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Former president: governing boards 'need to be re-examined, reformed'

Mark Reutter, Business & Law Editor
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Stanley O. Ikenberry
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Former Illinois president Stanley O. Ikenberry is calling for governing boards of public universities to be "re-examined and reformed."


CHAMPAIGN, Ill. — The composition of governing boards of most U.S. public universities does not reflect the expanded mission, programs and sources of support of higher education, the former president of the University of Illinois writes in an article.

Stanley O. Ikenberry, president of the University of Illinois from 1979 to 1995 and currently the Regent Professor at the U. of I.’s Institute of Government and Public Affairs, said governing boards “need to be re-examined and reformed” in order to reaffirm and strengthen the public character of public universities.

“As the funding base of public universities and colleges has diversified, the accountability obligations of public universities have grown beyond the ‘state’ to include donors, students and parents who pay an increasing share of the cost, business partners, the federal government and other stakeholders,” Ikenberry wrote in the latest issue of Policy Forum, which is published by IGPA.

The governing structures of most public universities, however, have lagged behind the rapid changes taking place in higher education, according to Ikenberry. “Public governing boards tend to be relatively small – seven to 12 members – with a range of talent and perspectives that may or may not align with those expanded responsibilities,” he wrote.

Ikenberry called for a rethinking of the composition of public governing boards.

“Size of governing boards need to be increased. Sources of appointment or election must be diversified. A single governor, a single legislative committee, a single party caucus, should no longer control the composition of public university governing boards,” he continued.

In an interview, he noted that several public universities around the country have inherited or moved toward a more diversified board structure. Penn State’s board, for example, includes six trustees appointed by the governor, nine trustees elected by alumni, six trustees elected by state agricultural societies, and six trustees elected to represent business and industry.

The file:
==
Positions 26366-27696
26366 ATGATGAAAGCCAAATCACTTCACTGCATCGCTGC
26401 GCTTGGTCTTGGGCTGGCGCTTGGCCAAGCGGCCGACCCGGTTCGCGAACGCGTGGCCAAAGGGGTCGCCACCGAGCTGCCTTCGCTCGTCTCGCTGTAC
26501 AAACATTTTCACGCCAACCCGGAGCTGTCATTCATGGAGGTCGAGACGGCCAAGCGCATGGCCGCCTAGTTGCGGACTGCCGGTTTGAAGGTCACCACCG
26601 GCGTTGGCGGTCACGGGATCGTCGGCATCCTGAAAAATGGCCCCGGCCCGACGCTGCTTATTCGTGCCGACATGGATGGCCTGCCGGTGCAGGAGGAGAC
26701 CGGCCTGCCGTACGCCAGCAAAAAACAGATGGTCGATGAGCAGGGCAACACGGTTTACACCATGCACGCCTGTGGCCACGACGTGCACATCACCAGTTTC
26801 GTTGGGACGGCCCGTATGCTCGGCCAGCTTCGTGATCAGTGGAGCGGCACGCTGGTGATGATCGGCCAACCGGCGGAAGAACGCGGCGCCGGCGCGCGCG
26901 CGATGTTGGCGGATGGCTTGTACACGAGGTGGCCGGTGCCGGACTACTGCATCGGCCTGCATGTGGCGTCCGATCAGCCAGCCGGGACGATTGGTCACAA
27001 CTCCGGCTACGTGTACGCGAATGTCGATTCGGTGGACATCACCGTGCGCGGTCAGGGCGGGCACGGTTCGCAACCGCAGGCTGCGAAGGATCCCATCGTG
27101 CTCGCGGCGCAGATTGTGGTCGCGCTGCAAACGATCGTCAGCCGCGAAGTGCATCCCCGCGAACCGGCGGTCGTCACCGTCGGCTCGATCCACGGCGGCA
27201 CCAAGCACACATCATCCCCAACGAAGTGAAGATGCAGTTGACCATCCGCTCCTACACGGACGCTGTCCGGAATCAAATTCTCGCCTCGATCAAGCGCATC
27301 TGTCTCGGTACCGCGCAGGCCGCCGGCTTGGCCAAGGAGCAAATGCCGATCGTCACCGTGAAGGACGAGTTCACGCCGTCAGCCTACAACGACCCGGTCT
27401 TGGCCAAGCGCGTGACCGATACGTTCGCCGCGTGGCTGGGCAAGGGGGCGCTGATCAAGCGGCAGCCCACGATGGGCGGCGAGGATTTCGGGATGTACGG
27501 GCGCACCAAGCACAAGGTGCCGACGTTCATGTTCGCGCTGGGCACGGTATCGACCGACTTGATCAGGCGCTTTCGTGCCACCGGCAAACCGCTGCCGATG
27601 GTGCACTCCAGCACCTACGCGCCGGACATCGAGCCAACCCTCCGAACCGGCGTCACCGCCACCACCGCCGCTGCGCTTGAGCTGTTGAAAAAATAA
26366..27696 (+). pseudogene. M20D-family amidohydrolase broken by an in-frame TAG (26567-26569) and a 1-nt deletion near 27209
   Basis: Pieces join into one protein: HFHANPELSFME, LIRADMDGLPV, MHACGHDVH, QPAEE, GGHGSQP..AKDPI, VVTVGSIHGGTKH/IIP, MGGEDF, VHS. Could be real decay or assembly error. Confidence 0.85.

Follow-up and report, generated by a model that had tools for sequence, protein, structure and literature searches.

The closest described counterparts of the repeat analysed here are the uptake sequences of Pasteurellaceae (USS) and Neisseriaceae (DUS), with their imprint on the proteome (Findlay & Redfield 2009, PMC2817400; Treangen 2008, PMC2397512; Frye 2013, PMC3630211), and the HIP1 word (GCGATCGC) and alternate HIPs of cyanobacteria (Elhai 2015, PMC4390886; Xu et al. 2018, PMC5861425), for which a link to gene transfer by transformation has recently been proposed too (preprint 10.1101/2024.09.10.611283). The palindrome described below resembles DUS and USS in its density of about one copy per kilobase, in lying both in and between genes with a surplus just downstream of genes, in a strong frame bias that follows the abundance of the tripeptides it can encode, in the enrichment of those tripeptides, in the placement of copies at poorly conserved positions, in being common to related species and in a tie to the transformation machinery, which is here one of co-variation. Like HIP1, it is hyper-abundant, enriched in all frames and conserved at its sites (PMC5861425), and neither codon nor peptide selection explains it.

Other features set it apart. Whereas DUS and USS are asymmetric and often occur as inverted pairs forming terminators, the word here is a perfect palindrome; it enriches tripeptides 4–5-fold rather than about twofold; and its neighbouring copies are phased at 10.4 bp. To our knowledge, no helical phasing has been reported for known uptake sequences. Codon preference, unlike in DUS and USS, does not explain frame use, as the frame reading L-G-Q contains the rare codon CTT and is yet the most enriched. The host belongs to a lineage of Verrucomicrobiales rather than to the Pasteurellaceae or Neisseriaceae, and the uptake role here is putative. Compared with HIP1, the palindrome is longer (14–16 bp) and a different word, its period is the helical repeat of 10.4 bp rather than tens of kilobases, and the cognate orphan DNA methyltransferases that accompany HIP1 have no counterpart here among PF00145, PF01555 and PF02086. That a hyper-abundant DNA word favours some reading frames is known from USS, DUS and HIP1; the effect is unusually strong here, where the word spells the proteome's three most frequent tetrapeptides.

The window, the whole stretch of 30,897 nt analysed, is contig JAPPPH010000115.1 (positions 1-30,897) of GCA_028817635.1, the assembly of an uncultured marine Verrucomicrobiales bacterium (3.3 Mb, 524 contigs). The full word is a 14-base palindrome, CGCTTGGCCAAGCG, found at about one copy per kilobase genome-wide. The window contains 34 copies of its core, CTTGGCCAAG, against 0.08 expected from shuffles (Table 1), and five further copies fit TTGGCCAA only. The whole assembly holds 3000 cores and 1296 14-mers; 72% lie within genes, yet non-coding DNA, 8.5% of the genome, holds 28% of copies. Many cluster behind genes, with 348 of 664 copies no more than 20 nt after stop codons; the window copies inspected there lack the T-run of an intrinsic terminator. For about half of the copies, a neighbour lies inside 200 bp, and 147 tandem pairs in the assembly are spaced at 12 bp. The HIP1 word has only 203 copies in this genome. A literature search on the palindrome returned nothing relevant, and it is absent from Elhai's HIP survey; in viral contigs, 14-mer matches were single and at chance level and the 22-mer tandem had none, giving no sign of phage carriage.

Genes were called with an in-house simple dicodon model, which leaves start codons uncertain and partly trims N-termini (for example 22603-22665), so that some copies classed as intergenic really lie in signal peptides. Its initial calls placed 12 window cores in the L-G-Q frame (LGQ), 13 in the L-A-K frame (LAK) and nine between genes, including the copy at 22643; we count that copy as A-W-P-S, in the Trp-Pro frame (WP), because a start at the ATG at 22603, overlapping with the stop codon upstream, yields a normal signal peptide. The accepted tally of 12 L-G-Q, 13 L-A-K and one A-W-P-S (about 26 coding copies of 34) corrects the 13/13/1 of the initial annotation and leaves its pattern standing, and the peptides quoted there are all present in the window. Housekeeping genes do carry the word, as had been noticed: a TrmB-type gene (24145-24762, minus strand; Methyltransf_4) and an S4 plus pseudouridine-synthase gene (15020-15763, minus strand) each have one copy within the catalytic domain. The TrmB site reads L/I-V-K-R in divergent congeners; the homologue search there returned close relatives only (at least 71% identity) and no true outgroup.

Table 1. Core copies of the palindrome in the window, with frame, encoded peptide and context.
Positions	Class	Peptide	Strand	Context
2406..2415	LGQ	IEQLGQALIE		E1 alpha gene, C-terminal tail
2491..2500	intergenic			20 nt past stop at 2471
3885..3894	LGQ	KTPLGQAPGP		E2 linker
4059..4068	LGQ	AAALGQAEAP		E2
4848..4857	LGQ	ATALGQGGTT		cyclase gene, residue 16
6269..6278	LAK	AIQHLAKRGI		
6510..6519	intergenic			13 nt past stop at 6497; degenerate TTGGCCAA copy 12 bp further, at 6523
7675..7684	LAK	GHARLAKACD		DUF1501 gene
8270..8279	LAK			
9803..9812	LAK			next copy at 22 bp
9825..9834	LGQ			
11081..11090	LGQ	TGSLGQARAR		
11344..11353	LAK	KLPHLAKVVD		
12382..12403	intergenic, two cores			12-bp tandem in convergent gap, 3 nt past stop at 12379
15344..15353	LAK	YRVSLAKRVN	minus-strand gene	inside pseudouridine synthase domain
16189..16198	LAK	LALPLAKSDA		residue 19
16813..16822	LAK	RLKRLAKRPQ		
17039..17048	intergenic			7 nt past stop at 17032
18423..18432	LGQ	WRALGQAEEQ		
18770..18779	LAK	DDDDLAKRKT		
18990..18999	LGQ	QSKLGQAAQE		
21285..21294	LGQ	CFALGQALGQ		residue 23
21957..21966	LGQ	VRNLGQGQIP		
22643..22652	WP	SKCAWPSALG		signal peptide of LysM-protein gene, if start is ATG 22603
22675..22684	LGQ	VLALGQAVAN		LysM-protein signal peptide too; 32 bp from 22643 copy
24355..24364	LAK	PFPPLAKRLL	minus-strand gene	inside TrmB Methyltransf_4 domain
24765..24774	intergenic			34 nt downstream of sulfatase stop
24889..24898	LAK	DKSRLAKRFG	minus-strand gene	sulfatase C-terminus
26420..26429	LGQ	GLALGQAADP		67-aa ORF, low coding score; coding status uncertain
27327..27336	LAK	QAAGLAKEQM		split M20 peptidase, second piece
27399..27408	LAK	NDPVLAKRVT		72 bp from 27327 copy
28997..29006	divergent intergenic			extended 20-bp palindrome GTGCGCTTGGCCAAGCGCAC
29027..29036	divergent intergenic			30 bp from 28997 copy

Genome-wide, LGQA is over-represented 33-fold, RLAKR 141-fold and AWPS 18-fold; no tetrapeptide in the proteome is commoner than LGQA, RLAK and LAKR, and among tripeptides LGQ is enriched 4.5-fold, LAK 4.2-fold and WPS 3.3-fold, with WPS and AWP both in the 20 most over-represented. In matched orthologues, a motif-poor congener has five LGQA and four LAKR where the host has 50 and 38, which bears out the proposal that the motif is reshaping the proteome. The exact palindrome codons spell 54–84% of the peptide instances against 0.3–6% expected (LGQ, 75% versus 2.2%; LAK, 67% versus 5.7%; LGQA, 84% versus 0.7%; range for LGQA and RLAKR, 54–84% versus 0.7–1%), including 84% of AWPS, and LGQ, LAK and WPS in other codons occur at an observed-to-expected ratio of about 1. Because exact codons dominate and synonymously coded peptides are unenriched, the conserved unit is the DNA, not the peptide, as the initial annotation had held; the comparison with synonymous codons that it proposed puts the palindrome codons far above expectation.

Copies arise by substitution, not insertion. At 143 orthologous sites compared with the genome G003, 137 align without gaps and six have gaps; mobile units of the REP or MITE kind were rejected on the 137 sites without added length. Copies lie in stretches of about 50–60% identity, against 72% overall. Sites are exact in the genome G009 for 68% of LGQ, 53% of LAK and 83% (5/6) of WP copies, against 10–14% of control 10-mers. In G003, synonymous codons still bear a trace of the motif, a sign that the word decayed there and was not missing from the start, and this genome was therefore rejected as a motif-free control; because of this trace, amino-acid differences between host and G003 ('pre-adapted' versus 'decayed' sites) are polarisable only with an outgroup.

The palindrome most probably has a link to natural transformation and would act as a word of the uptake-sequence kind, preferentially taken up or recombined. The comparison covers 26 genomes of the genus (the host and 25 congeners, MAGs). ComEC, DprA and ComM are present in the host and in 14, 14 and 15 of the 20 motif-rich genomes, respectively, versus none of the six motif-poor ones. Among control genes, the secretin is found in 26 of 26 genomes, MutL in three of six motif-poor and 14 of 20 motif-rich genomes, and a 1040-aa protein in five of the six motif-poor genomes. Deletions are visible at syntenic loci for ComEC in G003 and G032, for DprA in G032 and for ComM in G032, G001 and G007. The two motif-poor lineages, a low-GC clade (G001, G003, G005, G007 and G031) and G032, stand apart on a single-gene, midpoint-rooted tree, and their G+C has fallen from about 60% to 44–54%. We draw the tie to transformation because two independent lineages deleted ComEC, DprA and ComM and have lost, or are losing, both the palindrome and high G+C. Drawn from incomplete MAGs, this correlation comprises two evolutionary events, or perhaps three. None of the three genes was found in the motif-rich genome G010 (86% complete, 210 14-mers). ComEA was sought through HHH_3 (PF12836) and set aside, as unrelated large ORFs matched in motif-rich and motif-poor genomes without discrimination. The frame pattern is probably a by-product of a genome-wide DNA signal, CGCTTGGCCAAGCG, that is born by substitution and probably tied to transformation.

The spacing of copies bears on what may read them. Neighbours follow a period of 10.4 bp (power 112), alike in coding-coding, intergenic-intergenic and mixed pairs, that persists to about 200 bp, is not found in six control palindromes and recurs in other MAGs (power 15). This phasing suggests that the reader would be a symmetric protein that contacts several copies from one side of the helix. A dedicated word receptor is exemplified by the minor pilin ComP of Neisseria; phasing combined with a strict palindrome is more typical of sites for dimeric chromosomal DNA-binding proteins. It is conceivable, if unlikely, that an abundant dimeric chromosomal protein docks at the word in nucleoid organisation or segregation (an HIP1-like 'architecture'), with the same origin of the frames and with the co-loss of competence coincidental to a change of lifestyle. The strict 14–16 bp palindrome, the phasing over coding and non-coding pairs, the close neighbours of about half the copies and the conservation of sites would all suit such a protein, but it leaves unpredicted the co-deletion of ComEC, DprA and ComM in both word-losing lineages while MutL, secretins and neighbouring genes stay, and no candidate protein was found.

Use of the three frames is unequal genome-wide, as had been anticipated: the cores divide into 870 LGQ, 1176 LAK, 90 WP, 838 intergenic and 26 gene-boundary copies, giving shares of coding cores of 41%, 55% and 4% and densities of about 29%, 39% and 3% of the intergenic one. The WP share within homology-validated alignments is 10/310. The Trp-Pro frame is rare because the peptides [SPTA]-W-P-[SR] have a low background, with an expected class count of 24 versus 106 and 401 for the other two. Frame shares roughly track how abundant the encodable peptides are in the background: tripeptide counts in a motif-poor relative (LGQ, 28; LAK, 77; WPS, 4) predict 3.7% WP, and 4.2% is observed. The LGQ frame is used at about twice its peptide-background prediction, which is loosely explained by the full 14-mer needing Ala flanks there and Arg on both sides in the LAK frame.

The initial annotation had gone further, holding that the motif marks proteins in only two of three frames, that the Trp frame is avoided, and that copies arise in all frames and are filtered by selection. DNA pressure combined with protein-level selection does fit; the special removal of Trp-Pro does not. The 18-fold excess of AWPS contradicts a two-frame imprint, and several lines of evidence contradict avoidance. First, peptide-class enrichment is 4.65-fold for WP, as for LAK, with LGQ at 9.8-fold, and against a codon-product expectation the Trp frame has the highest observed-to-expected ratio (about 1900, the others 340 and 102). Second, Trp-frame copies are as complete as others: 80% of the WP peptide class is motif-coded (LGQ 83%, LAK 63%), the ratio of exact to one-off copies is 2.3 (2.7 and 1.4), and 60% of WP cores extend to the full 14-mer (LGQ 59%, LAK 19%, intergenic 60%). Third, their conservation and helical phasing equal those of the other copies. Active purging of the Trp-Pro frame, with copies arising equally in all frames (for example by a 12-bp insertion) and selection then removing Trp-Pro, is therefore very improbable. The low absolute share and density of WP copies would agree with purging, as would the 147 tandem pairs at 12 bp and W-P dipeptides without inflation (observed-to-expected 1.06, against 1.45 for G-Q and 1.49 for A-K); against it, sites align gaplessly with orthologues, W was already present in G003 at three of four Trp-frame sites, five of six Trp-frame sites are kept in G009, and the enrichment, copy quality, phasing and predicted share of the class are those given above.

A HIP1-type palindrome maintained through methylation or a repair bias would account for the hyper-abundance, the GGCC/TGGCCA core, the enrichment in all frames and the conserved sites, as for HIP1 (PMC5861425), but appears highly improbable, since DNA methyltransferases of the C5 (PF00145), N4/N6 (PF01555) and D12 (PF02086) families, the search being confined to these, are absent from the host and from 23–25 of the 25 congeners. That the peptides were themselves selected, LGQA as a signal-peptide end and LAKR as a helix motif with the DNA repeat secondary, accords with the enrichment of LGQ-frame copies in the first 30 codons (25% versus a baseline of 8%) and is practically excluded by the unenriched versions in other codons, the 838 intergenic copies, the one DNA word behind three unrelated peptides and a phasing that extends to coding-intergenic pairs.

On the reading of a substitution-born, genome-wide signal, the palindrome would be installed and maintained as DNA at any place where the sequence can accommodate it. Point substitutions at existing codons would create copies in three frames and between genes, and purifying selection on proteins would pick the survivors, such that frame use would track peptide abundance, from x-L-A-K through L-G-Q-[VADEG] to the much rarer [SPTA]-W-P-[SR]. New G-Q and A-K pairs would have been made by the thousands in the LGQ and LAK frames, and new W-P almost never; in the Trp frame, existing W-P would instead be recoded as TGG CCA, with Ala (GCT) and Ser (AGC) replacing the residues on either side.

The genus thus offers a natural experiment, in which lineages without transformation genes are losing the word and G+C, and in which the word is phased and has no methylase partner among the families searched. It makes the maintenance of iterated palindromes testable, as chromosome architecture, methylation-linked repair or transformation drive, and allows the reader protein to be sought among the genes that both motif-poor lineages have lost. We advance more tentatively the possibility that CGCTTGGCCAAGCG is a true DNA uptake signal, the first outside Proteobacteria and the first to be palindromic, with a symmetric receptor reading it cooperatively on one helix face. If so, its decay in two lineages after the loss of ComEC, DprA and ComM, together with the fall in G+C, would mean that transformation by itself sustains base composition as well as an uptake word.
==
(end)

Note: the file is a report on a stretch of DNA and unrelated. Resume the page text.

Ikenberry expressed concern that financial pressures, in particular the reduced priority given higher education by state governments, may be changing the character of public universities.

“Cuts in state support to public universities have forced tuition increases, as campuses have attempted to replace lost state revenue,” he said. “Unfortunately, increases in tuition and fees outpaced inflation, growth in personal income and virtually every available benchmark.”

As a result, the danger of public universities becoming “less public” is growing. “Students from upper-income families are five times more likely to attend college than their counterparts from the lowest-income quartile,” he wrote.

“Is the ‘public’ mission or character of public colleges and universities shifting?” Ikenberry asked. “While most presidents and chancellors might argue, ‘no,’ still, market forces and competitive instincts are increasingly shaping institutional policy, priorities and decisions. Public support for strong statewide policy and coordinating bodies appears to be weakening.”

Most worrisome, he said, the changes in higher education have taken place “piecemeal – campus by campus, state by state – absent any overarching design, any significant national debate or studied assessment of the broader implications.”

Ikenberry called for a national dialogue on the future of public universities. “The barriers separating state policymakers, business and civic leaders, academics and the public at large must be broken down, and a conversation on the future of public higher education begun.”

Following his retirement as Illinois president, Ikenberry was president of the American Council on Education, an organization representing 1,600 accredited, degree-granting colleges and universities.

His article, “Uncertain and Unplanned: The Future of Public Higher Education,” can be accessed at